President Donald Trump announced he plans to sign an executive order attempting to eliminate birthright citizenship for children born to non-citizens or unauthorized immigrants.
Stephen Legomsky, the John S. Lehmann University Professor Emeritus at Washington University in St. Louis School of Law, said the proposal is “flatly wrong” and would not pass the Supreme Court, if so challenged.
Legomsky, the former chief counsel for U.S. Citizenship and Immigration Services in the Obama administration, is principal author of the law school coursebook “Immigration and Refugee Law and Policy” (7th edition forthcoming).
“President Trump’s claim that he can eliminate birthright citizenship by executive order is flatly wrong. The U.S. Constitution declares that every person born in the U.S. and ‘subject to the jurisdiction thereof’ is a U.S. citizen,” Legomsky said. “The Supreme Court in 1898, in United States v. Wong Kim Ark, held explicitly that the language ‘subject to the jurisdiction thereof’ was meant to exclude (besides Native Americans born on tribal land) two groups and two groups only — children of foreign diplomats and children of enemy occupiers. The court based its interpretation on the three centuries of clear, unbroken British law from which the drafters of the U.S. Constitution drew their understanding.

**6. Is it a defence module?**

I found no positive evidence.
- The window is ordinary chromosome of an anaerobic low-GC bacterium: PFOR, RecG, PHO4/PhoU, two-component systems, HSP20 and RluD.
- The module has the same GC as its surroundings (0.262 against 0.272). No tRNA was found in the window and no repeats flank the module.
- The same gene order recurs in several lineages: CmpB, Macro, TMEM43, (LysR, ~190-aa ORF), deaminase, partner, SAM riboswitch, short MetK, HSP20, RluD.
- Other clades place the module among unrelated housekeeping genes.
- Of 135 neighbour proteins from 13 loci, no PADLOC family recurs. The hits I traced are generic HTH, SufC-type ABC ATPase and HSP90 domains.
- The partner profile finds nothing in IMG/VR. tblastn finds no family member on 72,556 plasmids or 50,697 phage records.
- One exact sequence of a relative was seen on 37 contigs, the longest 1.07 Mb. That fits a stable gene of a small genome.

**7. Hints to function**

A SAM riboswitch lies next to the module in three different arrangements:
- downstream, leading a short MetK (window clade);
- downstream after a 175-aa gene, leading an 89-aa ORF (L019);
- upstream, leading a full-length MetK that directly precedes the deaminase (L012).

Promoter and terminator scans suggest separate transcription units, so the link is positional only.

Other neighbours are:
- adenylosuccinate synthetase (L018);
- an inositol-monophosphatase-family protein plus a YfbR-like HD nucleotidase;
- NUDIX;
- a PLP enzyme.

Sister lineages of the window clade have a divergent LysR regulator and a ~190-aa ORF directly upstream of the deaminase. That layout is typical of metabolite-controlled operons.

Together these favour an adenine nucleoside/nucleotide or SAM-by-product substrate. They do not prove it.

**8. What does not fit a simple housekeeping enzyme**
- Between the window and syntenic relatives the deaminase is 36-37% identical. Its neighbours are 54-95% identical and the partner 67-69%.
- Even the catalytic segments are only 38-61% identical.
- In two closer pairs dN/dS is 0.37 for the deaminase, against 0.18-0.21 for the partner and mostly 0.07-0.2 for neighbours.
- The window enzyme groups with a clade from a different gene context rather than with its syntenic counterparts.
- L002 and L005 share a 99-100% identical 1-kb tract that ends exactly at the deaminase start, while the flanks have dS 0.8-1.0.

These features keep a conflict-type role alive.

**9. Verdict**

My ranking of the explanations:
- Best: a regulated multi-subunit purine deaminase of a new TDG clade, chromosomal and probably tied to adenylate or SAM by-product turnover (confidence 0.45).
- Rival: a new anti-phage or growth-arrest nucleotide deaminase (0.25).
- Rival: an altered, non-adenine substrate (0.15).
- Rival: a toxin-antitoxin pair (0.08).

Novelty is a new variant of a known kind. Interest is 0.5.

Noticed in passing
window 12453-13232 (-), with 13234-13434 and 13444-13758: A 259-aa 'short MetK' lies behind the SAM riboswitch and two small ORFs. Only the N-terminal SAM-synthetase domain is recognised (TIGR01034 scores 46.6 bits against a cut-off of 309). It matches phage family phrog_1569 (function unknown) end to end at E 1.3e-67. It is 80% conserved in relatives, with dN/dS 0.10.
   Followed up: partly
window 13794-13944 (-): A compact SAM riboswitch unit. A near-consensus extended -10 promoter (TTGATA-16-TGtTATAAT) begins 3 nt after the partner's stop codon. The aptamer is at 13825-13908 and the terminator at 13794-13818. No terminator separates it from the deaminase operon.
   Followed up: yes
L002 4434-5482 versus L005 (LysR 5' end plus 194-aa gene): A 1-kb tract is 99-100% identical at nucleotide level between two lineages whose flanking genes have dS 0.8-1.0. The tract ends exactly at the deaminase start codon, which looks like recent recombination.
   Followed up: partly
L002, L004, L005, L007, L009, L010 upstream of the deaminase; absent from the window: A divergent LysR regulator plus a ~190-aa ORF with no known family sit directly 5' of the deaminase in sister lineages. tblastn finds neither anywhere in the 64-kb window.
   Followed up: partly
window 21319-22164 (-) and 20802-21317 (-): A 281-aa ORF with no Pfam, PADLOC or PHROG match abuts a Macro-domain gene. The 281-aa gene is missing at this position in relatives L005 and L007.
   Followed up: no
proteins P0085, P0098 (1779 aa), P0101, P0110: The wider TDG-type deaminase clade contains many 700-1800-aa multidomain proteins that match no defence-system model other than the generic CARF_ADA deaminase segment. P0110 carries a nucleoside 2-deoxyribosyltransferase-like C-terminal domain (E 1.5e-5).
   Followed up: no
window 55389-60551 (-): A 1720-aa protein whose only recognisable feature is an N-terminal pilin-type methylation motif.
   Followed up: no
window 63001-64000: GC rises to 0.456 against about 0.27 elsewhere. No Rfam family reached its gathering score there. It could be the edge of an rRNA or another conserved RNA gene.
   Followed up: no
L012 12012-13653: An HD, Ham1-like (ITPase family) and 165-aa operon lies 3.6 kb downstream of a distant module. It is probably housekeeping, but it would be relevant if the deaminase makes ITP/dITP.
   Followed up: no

“Moreover, this is only common sense: Like anyone else, native-born Americans, whoever their parents are, can be charged with crimes if they disobey U.S. law. How would this be possible if the U.S. had no jurisdiction over them?
“The president was also wrong to say that the United States is the only country that recognizes birthright citizenship. By my last count, there are approximately 30 countries with similar laws. They are particularly common in the Western Hemisphere, including Canada.
“In taking this fringe position, President Trump has now gone beyond even his all-out war on immigrants. This latest attack extends his declaration of war to native-born U.S. citizens. I expect that even the current Supreme Court will find this to be too great a stretch.”
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